There was mustard, and ketchup, and wilted onion squares too small to pick out; he had forgotten, again, to ask for a plain burger. He squeezed it gently between his fingers, watched a bloat of yellow mustard swell like a gum-bubble, and wondered if he would be able to eat it without throwing up. A ridiculous question, he knew, since it was all he had to eat for now. He had spent all the money he had on the airplane ticket in his pocket. He reached down to feel it, touched a sharp cardboard corner, and sighed in anticipation.
This time tomorrow he might be sitting in an identical McDonald's on the opposite side of the country - the idea excited him. Just thinking about being somewhere else excited him, with a sick pitching intensity, the feeling of shoplifting or walking in a dark alley at night. He would visit the Haight-Ashbury hotel when he got there, stand in the lobby where his heroes had stood and chatted and kissed each other and tripped on acid; he would walk down the streets, familiar from his constant fantasies of them, and feel the vibes of beauty and peace that must surely drift up from the warm California sidewalks; he even planned to sleep, if he could, in Golden Gate Park, and imagine that he could hear the voices and see the ghostly outlines of the participants in the Human Be-In. San Francisco was where he belonged.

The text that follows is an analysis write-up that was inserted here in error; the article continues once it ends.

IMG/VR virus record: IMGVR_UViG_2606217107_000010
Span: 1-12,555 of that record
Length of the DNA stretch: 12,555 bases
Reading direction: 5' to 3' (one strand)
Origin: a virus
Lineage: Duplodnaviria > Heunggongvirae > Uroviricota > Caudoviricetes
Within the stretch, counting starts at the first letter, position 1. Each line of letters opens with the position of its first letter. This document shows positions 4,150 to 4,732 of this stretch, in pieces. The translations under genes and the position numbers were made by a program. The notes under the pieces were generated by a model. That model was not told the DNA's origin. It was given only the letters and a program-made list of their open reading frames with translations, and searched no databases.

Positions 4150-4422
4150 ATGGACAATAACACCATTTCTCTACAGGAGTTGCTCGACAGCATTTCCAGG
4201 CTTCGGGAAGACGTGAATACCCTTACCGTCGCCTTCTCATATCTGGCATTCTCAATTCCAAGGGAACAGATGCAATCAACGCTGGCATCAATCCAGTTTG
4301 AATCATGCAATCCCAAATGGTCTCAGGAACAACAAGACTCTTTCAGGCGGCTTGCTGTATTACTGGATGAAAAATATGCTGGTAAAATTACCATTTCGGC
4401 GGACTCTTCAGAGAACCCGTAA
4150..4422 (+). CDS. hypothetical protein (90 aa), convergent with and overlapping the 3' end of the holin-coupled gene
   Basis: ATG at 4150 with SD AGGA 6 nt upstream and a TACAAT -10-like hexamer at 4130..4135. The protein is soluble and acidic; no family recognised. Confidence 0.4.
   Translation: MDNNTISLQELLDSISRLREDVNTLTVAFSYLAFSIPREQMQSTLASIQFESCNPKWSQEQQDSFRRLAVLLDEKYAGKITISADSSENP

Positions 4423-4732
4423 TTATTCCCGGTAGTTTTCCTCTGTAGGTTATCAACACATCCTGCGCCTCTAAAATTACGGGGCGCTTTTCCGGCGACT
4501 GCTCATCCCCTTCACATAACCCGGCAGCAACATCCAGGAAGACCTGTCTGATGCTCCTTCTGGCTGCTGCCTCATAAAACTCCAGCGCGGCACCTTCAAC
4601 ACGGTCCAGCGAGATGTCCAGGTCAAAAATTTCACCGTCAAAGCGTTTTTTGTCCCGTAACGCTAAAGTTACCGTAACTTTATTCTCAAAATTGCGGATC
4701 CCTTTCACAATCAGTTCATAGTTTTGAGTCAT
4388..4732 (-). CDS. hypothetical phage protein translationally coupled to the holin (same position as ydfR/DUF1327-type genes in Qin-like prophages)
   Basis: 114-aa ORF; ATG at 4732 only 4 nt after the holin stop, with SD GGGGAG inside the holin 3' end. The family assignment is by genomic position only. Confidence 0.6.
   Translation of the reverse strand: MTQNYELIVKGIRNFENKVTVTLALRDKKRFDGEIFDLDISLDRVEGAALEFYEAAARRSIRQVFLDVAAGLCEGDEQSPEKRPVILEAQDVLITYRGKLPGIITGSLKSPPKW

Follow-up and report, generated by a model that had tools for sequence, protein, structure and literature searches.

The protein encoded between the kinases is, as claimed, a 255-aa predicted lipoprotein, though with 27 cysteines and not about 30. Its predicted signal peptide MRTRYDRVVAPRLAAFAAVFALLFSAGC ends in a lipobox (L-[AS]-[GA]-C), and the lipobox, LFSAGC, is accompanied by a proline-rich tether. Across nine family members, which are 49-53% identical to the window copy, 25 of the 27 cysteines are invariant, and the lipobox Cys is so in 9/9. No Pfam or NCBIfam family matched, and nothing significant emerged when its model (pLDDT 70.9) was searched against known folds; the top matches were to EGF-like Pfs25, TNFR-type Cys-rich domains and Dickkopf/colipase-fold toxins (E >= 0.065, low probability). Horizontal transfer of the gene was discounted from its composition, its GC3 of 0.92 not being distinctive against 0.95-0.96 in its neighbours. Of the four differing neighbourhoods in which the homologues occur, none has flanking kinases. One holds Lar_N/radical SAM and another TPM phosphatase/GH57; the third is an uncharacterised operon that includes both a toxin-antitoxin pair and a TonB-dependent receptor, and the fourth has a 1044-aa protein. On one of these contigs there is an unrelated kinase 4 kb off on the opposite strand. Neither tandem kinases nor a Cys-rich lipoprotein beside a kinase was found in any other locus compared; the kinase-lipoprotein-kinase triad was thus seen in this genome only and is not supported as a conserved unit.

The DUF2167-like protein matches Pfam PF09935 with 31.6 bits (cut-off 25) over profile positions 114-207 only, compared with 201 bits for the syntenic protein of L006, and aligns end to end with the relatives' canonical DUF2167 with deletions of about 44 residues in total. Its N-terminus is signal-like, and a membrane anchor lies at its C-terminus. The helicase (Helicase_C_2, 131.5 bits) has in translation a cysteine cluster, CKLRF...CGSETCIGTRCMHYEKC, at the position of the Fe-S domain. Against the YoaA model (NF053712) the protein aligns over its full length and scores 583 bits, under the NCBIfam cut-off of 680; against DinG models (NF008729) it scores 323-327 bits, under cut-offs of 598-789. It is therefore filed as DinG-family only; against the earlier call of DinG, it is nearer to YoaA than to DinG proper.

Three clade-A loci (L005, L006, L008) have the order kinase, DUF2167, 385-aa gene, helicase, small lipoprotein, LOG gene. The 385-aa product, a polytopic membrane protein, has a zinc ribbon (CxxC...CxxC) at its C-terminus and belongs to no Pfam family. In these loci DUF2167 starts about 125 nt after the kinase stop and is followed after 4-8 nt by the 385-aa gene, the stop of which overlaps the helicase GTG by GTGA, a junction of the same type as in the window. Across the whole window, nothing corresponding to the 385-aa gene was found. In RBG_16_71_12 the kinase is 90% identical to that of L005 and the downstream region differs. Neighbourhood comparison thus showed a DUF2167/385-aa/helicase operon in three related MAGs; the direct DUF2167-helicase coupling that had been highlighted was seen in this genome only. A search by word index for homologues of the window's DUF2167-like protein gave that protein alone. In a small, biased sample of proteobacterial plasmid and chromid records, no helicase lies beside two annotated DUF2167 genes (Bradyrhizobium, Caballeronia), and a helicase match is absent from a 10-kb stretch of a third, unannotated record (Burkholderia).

He had prepared for this flight. He was never coming back. Everything that he loved and wanted was in the duffel bag at his feet; his other possessions were in the pawn shop downtown. He had an extra set of clothes, a few books, a Walkman cassette player, Jefferson Airplane and Grateful Dead tapes, and a toothbrush. He had everything he wanted in the world. Kevin Shapiro, Boy Orphan, swallowed the last bite of his disgusting hamburger and headed out the door of the McDonald's and in the direction of his future.